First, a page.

Tag Archives: formatting images

Formatting images for the web – Part 2: Cropping a larger image to fit specific dimensions

While many content management systems include functions to crop images to size before uploading them to a website there are reasons why it may be better to prepare yourself using image formatting tools. But getting the formatting right can be tricky.

In the last post we mentioned Photoshop and the free to use Pixlr as suitable tools but there are many others out there.

For this post, we look at tips on resizing the images to include as much as the image as possible.

Often you want to use an image but the website design requires a fixed height and width ratio that is different. We often see examples of images that are simply resized to match the specified dimension. The results are images that are distorted on the website. It cannot be overestimated what a damaging effect this can have on the visitors perception of the website particularly when portraits are used.

example

Compare the first image with the original on the right and you can see how the mountains have been squashed.

TIP: Always start off with your source image being bigger in height and width than the final dimensions of the image space on the web page.

In your image software, open up a new canvas and set it to the desired height and width. Then open up the image you need to resize.

Make a note of the height and width of the desired final image and compare that with the height and width of the original image.

Take the smallest measurement of the original image and set your software to resize to the smallest corresponding measurement of the end result image. Make sure that the option to constrain proportions is ticked so that the image is resized without distortion.

canvases
canvases2

Once resized, copy and paste the image into your blank canvas and align the image so that the smallest edge is perfectly aligned. Your software should automatically hide parts of the longest edge and you can move the image around until you get the best crop.

canvases3

Notice on the left canvas in the example above the parts at the far sides of the photo have been hidden. When you are happy with what has been cropped out, save your image ready to upload to the web.

The same principle applies to portrait shaped images and even square shaped images.

Using the crop tool to select a square shape

Formatting images for the web – Part 1: Cropping a larger image into a square

 

In this first post in a series, we look at cropping images for websites. Even with the excellent inbuilt WordPress functions, it is often better to crop images to size before uploading them to a CMS.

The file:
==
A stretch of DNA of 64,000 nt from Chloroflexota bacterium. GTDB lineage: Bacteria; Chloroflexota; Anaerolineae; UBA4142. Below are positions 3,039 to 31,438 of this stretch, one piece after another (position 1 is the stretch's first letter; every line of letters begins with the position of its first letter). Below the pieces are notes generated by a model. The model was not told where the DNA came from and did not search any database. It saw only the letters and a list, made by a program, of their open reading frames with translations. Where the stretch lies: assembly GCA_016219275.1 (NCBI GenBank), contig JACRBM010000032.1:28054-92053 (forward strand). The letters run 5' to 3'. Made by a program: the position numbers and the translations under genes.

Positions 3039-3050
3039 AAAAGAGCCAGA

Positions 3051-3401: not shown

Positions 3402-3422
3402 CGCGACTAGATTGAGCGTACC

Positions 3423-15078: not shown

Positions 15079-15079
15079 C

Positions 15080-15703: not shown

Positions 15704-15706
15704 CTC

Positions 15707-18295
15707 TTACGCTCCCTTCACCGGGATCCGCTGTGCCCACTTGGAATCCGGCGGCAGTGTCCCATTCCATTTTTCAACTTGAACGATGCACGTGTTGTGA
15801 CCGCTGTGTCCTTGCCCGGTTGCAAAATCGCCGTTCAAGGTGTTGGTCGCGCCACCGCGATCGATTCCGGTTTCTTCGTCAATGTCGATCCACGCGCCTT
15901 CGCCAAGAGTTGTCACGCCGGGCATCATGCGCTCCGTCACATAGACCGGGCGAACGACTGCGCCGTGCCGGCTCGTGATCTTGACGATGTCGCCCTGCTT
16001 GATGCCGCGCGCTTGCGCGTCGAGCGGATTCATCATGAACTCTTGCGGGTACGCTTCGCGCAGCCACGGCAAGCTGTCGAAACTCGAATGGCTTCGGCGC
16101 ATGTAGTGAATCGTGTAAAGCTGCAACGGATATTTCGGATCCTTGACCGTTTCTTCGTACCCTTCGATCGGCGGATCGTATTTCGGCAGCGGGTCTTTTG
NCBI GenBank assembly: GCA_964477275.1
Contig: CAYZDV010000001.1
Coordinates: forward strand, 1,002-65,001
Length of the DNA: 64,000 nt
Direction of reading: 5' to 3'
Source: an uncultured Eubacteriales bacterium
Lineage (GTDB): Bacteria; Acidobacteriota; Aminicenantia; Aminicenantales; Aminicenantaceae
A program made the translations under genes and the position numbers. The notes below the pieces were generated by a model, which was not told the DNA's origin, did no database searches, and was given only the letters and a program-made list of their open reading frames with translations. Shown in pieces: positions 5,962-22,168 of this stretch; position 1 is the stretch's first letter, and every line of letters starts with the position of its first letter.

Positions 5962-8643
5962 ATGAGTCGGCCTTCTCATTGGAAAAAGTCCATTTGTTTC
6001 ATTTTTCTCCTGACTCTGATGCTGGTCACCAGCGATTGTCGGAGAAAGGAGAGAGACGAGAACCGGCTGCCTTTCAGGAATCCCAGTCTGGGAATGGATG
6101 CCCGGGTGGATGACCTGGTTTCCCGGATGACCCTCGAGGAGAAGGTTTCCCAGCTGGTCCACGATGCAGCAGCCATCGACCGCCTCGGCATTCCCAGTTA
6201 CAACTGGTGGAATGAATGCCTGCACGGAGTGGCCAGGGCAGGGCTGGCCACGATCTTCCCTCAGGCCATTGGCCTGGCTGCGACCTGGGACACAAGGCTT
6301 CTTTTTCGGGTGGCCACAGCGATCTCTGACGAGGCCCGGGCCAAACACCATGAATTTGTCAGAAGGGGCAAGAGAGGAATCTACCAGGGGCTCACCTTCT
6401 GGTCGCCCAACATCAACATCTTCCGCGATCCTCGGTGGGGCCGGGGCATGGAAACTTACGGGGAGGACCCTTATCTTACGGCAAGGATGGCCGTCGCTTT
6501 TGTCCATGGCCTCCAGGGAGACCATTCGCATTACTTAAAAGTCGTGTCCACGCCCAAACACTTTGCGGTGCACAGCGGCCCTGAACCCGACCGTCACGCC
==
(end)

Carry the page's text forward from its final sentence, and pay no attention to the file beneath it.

Photoshop is an excellent tool for cropping the image and optimising the file size for web use but many clients do not have the budget for Photoshop so this tutorial uses the free online web app Pixlr. The principals are the same whatever decent image software you use.

TIP: You must make sure the width and height of your new image is the same or larger that the desired image sizes before you start. In most instances if your image is smaller, when you stretch them to the new size the quality will be greatly compromised.

In this first example the image for the web is supposed to be a square 260 wide by 260 pixels high: the photo that needs to be cropped is 3264 wide by 1836 pixels high.

Cropping images for websites
Cropping images for websites using Pixlr

There is a creative decision to make next:

  • Can a square shape be taken that is both smaller than the height and width of the image – ie a detail of the larger picture? (See below)
  • Do you need to get as much of the picture into my square shape? (See our next post)

How to take a square from the image that is both smaller than the height and width of the image.

This is a simple process if there is enough detail in the picture that you can highlight.

Using the crop tool to select a square shape
Using the crop tool to select a square shape in the middle of your image.

Simply find the cropping tool and take a square section of the image. It doesn’t matter how big your square is at this stage as you can resize it later. Pixlr, Photoshop and other software will tell you the height and width of the area you are about to crop. When the two are the same size, release the mouse and apply the change.

TIP: If you are struggling to get the height and width to match up, try using the zoom tool in the view menu to expand the picture before you try again.

You can then use the resize function to make your image the right size (as long as it is bigger to start with). If Contrain Propoportions is ticked as soon as you change one size the other will automatically change. Save the image.

Saving the cropped image
Once resized, save the image

In the next post on the same topic, we’ll show you how tips on resizing the image to include as much of the image as possible.